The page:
On Wednesday I participated in a Twitter chat about social media skills in the newsroom. I won’t rehash any of the points made during the chat. You can read the conversation, which I pulled into a Twitter timeline, here.
But there were a few points that I wanted to make that I didn’t get to. So here my five points, in no particular order.
One. To keep track of your newsroom, use lists & notifications. I follow our newsroom Twitter list; it’s the #1 thing I check after mentions. On Facebook, I created a colleagues list and turn notifications on for it all.
It’s harder to track activity on other platforms, so I ask our journalists to tag their content with the hashtag #theworld on Vine, Instagram, Tumblr, etc. I work it into my basic news diet to check the hashtag. (Bonus: people have started to pick up on this and use the hashtag to join our newsroom’s conversations.)
Two. I wanted to share some more about the social challenges I run in the newsroom. It’s a fun exercise in skill building and incrementally adds to a journalists’ arsenal. Here are a few challenges that I’ve run regarding Twitter:
I keep a spreadsheet that tracks all the challenges (and winners). This way, I’m able to look back and see the 50+ different skills that our newsroom has gained over the past two years.
Most importantly: Play up the sense of competition between journalists, but make sure that the behavior you’re encouraging is constructive and not superficial (for example, make your challenges about generating conversation, not generating pageviews).
Past social challenges have build skills like: Advanced search skills on Twitter, building a professional presence on social, using social to add context to a story, identifying content for different platforms, producing short form video content, community building, thinking mobile-first.
Side note: A lot of people on Twitter were interested in learning more about the Social Bear. I wouldn’t recommend you following him on Twitter (his tweets might not make much sense out of context), but I would recommend instituting some sort of incentive system in your own newsrooms. The idea behind the Social Bear way simply a way to give kudos on a regular basis to someone who has done excellent work (see the postscript for more).
Three. A lot of people asked what do I say when trying to convince an “old guard journalist” to use social. Don’t look at them as an “old guard,” for starters! Think about what they can teach you, and try to reciprocate by offering what you know.
If you’re working with a reluctant social media journalist*, demonstrate to them how social media holds a treasure trove of stories. Show them that if they know where to look, they will never be at a loss for a story idea or a source. If someone is still doubtful, just say to them: “How many people are in your rolodex?” They will answer, then tell them the size of yours: 2 billion.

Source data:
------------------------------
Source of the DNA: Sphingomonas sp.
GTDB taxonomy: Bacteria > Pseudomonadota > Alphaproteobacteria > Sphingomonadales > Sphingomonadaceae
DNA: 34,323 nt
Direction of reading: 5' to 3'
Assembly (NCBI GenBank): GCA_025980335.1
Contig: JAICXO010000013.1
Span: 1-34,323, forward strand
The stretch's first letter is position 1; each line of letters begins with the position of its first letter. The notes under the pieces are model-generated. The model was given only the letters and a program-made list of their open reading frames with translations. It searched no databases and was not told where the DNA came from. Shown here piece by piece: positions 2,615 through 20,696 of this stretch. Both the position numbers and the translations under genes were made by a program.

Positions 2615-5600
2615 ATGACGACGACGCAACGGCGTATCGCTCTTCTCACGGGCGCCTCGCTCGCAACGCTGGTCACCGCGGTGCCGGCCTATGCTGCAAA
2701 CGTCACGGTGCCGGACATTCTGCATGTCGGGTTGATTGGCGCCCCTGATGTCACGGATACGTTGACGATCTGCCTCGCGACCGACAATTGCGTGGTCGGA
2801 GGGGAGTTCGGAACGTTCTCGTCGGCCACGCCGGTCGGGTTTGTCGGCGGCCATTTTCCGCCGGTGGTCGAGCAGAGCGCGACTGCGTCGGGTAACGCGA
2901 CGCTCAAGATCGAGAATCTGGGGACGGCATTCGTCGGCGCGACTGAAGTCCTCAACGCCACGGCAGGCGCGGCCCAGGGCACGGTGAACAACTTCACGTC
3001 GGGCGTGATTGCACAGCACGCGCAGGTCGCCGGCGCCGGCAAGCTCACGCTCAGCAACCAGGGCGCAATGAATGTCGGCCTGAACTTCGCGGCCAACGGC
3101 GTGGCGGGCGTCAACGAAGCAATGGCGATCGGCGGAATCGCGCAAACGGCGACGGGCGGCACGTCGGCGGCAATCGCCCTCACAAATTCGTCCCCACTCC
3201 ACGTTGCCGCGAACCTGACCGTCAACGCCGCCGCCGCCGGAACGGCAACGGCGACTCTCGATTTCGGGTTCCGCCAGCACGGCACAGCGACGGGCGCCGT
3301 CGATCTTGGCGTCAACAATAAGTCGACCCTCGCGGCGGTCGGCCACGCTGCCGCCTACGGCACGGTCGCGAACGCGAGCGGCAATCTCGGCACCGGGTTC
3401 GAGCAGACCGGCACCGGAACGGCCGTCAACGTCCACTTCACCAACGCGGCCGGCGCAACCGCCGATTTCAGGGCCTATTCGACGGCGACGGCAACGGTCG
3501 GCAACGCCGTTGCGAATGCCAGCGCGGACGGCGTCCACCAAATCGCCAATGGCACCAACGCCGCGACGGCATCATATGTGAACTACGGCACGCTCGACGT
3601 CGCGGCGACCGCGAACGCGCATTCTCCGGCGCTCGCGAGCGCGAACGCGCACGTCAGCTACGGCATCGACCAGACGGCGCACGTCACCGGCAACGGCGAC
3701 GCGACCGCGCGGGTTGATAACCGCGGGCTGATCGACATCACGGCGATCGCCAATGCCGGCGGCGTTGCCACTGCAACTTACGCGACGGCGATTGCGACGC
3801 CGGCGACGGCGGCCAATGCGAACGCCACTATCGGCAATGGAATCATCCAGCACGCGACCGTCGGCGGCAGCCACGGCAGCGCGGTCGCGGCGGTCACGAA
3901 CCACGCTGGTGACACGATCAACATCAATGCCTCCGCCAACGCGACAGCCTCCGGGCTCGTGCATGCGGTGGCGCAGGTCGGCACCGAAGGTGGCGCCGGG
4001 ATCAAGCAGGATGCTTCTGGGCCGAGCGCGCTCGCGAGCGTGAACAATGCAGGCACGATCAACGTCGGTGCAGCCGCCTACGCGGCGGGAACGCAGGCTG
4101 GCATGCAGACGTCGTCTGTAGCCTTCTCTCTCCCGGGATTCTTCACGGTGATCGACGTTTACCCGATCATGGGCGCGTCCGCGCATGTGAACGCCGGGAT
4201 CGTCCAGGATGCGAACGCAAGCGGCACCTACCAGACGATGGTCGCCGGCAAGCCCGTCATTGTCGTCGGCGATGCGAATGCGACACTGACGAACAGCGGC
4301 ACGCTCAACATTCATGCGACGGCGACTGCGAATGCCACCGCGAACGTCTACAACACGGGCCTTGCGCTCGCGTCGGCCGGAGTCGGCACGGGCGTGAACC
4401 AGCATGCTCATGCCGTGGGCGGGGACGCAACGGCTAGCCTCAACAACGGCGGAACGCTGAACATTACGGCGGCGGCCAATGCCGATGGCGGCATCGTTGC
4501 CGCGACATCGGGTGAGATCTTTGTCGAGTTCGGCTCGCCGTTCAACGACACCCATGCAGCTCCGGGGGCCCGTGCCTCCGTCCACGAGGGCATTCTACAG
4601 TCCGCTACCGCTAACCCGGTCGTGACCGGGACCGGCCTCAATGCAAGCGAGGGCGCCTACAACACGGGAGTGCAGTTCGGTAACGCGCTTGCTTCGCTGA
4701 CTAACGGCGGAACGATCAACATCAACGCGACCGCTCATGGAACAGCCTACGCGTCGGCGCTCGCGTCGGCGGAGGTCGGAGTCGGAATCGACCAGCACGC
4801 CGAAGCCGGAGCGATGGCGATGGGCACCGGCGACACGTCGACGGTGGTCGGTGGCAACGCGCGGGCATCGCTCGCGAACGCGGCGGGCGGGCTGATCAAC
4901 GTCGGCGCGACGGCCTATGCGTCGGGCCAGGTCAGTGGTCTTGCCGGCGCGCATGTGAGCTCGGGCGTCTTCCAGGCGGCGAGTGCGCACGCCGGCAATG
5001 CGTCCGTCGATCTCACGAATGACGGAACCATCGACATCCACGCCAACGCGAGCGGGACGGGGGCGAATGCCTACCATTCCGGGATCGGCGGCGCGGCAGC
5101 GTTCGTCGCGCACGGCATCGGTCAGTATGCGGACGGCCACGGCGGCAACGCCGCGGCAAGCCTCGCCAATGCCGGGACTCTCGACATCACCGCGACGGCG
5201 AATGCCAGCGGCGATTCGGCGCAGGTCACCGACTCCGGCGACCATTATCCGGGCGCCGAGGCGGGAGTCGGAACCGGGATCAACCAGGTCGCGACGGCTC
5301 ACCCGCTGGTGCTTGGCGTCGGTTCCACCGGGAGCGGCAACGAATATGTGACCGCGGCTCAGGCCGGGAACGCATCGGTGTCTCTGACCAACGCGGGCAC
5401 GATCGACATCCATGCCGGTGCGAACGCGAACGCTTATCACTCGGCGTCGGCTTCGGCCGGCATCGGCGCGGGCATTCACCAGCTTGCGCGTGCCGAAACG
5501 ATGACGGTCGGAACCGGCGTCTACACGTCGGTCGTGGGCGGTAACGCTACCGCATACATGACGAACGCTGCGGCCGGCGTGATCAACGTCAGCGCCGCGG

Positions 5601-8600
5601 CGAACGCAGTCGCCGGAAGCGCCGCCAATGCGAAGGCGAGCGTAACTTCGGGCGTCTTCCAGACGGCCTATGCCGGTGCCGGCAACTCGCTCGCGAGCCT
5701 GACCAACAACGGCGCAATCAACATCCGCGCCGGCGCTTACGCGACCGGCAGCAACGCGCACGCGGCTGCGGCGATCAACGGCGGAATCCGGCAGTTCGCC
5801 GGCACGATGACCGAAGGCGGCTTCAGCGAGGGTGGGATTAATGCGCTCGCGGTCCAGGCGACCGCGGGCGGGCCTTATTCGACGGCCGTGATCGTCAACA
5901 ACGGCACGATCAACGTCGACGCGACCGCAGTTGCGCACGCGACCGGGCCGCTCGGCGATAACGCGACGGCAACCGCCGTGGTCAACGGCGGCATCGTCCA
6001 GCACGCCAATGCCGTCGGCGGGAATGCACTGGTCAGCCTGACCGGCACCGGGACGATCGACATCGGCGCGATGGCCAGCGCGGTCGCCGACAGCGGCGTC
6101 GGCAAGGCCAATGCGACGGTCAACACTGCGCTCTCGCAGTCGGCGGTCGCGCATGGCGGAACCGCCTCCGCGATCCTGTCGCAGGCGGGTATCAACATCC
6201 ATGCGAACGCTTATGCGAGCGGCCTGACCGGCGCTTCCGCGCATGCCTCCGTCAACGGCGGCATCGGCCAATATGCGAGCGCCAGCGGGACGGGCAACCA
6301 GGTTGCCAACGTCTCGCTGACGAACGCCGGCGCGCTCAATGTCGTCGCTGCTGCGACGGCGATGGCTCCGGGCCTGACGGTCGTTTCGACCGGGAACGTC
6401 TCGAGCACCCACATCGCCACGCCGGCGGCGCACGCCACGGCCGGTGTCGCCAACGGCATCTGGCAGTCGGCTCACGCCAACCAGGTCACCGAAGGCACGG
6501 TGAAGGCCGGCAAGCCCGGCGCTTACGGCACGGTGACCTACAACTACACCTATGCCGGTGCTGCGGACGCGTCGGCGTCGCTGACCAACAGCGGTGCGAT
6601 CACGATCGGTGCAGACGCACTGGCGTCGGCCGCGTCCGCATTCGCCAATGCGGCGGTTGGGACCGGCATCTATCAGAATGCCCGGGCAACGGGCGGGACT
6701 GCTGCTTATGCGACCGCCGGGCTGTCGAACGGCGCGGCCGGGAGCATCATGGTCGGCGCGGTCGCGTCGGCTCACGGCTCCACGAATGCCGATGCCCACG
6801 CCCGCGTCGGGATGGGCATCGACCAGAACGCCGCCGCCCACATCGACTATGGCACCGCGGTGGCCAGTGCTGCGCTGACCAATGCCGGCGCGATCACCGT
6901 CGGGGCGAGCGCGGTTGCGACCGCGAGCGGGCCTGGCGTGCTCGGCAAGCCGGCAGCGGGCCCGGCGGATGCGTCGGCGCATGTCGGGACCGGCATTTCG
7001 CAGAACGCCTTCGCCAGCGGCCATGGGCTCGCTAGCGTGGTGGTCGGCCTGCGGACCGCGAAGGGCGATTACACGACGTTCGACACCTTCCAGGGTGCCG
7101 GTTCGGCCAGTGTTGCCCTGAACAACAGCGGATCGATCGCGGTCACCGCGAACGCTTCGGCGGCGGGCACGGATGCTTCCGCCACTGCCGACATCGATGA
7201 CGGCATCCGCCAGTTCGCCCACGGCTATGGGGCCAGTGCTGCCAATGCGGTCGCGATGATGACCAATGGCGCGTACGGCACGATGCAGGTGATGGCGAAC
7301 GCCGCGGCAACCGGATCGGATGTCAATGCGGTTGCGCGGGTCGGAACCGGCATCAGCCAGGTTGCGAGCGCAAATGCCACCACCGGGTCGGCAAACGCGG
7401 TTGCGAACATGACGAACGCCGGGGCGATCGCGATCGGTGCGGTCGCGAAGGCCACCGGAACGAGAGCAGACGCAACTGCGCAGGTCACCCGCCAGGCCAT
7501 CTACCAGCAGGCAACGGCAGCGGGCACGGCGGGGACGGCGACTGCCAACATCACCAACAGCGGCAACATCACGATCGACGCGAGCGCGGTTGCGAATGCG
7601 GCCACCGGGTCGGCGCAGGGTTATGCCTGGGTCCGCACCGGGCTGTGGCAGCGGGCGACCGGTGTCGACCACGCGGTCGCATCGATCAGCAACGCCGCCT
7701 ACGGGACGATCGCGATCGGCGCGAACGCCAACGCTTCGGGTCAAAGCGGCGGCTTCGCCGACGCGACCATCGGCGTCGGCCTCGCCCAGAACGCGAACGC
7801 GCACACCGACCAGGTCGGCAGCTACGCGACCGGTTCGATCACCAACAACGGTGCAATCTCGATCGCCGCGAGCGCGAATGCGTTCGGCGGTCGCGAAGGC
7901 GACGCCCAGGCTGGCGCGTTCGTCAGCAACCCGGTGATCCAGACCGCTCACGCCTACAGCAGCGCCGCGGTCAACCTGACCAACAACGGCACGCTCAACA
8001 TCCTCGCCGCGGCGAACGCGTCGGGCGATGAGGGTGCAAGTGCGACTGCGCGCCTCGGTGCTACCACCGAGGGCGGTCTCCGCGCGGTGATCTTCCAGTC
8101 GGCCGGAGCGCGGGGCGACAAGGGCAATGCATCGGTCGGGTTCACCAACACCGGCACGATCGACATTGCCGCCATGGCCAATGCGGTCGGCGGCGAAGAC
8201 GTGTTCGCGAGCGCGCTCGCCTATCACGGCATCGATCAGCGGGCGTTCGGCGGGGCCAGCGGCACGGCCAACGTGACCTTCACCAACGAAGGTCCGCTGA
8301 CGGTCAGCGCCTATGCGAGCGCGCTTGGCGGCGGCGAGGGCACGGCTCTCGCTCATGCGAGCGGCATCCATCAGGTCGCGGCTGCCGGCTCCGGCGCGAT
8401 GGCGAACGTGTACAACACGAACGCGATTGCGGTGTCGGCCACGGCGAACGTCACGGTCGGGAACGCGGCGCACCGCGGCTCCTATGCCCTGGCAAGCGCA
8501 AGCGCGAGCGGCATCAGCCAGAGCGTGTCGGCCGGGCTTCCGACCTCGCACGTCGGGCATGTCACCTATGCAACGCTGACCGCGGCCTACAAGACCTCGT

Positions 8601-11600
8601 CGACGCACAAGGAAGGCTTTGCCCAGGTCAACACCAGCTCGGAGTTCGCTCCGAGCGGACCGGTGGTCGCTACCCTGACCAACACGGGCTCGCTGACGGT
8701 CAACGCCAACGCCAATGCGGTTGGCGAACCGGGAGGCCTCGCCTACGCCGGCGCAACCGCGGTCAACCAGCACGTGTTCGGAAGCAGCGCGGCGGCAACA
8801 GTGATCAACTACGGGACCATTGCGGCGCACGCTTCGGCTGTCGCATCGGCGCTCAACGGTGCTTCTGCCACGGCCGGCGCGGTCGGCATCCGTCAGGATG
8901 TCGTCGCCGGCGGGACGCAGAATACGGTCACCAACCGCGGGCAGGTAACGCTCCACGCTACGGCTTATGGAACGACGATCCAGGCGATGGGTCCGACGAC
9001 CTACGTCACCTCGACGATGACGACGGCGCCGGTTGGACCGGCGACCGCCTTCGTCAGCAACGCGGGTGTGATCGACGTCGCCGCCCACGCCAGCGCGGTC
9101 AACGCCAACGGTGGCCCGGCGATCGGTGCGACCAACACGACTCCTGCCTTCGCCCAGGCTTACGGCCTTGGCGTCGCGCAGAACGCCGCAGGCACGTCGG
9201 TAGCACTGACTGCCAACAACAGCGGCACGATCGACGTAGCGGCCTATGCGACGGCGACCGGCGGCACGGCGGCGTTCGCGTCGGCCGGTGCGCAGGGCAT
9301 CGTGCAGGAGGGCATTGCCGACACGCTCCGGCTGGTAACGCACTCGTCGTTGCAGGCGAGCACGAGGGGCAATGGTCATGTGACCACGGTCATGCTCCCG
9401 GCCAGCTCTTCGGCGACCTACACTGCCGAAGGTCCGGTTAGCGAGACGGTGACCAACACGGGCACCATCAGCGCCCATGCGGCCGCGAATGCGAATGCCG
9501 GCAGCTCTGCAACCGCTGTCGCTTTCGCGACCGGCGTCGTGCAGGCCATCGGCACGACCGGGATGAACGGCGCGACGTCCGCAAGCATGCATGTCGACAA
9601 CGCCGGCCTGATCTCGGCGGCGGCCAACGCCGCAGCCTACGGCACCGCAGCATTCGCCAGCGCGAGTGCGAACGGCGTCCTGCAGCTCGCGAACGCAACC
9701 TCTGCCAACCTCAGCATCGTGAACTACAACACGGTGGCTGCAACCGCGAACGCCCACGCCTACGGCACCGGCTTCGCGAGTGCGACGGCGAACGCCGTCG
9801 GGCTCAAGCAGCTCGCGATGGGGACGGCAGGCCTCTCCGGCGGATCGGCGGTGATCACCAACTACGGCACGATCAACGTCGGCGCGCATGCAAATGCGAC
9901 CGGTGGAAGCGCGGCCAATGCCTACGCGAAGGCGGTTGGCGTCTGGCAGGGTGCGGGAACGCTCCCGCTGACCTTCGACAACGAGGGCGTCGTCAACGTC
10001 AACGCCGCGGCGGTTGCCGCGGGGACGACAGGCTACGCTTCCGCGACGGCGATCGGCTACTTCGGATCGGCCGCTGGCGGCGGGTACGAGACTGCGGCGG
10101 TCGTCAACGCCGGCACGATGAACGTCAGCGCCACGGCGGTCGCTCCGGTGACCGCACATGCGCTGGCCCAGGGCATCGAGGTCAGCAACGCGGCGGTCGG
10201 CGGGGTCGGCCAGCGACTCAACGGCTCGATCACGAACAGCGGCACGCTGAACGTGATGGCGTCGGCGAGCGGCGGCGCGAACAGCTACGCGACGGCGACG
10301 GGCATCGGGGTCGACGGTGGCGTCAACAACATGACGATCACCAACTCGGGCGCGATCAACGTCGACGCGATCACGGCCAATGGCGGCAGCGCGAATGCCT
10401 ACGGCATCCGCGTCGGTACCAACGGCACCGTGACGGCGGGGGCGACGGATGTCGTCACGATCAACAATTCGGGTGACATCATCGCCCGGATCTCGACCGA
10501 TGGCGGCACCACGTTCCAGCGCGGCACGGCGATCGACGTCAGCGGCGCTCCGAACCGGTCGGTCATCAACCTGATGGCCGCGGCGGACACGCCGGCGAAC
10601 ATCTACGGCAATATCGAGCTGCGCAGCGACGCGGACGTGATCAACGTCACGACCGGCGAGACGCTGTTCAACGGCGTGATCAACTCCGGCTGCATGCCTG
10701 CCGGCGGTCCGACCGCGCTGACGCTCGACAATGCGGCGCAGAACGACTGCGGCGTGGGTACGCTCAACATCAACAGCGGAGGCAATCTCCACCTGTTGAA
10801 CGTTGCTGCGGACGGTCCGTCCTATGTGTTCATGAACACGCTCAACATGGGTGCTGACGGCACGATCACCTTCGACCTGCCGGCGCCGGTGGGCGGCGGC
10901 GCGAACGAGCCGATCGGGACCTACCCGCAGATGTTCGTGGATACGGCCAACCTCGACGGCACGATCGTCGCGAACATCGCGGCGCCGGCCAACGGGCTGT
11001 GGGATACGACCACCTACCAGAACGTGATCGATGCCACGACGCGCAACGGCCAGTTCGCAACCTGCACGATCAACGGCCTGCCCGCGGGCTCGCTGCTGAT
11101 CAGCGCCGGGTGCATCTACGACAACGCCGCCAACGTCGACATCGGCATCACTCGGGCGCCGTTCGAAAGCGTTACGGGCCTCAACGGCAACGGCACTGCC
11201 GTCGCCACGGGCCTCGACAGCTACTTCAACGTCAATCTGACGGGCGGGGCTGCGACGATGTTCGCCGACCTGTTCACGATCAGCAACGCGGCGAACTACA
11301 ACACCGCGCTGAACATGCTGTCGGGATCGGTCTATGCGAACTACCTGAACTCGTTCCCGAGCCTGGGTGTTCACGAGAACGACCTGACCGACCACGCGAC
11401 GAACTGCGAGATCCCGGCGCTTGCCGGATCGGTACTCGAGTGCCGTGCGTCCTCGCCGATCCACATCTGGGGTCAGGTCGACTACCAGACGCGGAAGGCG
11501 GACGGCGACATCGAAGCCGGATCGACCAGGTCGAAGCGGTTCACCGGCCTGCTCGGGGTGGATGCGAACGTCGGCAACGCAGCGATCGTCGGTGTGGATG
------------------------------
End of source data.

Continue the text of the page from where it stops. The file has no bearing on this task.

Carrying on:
When they’re ready to venture out on their own, emphasize the helpfulness of social listening first. Set them up with an exercise or two that teaching them how to filter and find. Remember, you can be an amazing social media journalist and never post or tweet.
Then if they’re hooked, help them take the leap and engage. By responding to questions, comments, and experiences, the journalist will earn the respect of his or her current readers/listeners and make new fans.
Four. There was a question about measuring impact in the newsroom. Although I am bound by specific goals and metrics for my grant-related work at The World, I have only one standard of measuring impact in my newsroom: bringing as many stories and voices from social on to the radio show.
This goal is in essence “closing the loop” and evolving from a one-way relationship with listeners and readers to a reciprocal one. My favorite examples of this in action is when our audience gives us the story, we do the journalism, we listen for impact and resonance, then we update or continue to report based on that.
Here’s a good example. Last year we received a Facebook message from a fan who was passionate about R2P (Right to Protect) issues. His passion and unique story sent off an alert for our show producer Jeb Sharp, who followed up with him and traveled to Maine to interview him. This exchange, and the reaction from our audience, led to an entire series of stories about millennial perspectives of international security issues and a two-year grant from the Carnegie Foundation to cover these issues.
But we’re not stopping there: We’re paying it forward by creating a close-knit social community for the series (called SafeMode), building a place for these conversations to happen organically. (Learn more about SafeMode here.)
Five. Someone asked me about anonymity apps and social media, and if its a boon or a hinderance to journalism. This will be such a huge question in 2015. I am excited to see what enterprising news organizations are doing on WhatsApp and WeChat. I went to a fantastic session held by Trushar Barot at ONA about the BBC’s use of 1-1 apps. I’m also obsessed with Propublica’s #WARLORD project on WhatsApp (check it out – chat WARLORD to +1 917-331-4989).
Anonymity and 1-1 apps offer up a new challenge for the 1-to-many model that we’re used to. I think there’s a huge promise to it because I’m in the business of having 1-1 personal conversations with our listeners on social media, and this is a new way to do it.
As you will see if you watch Trushar’s presentation, 1-1 messaging apps in their current iteration are massive time commitments, and not necessarily worth the return on investment. Once we figure out how to produce quality content and create a personalized experience for our fans, we can open new doors to massive new audiences.
*This is a false distinction. Every journalist is a social media journalist.
Postscript. Here is a gallery of people loving on the Social Bear.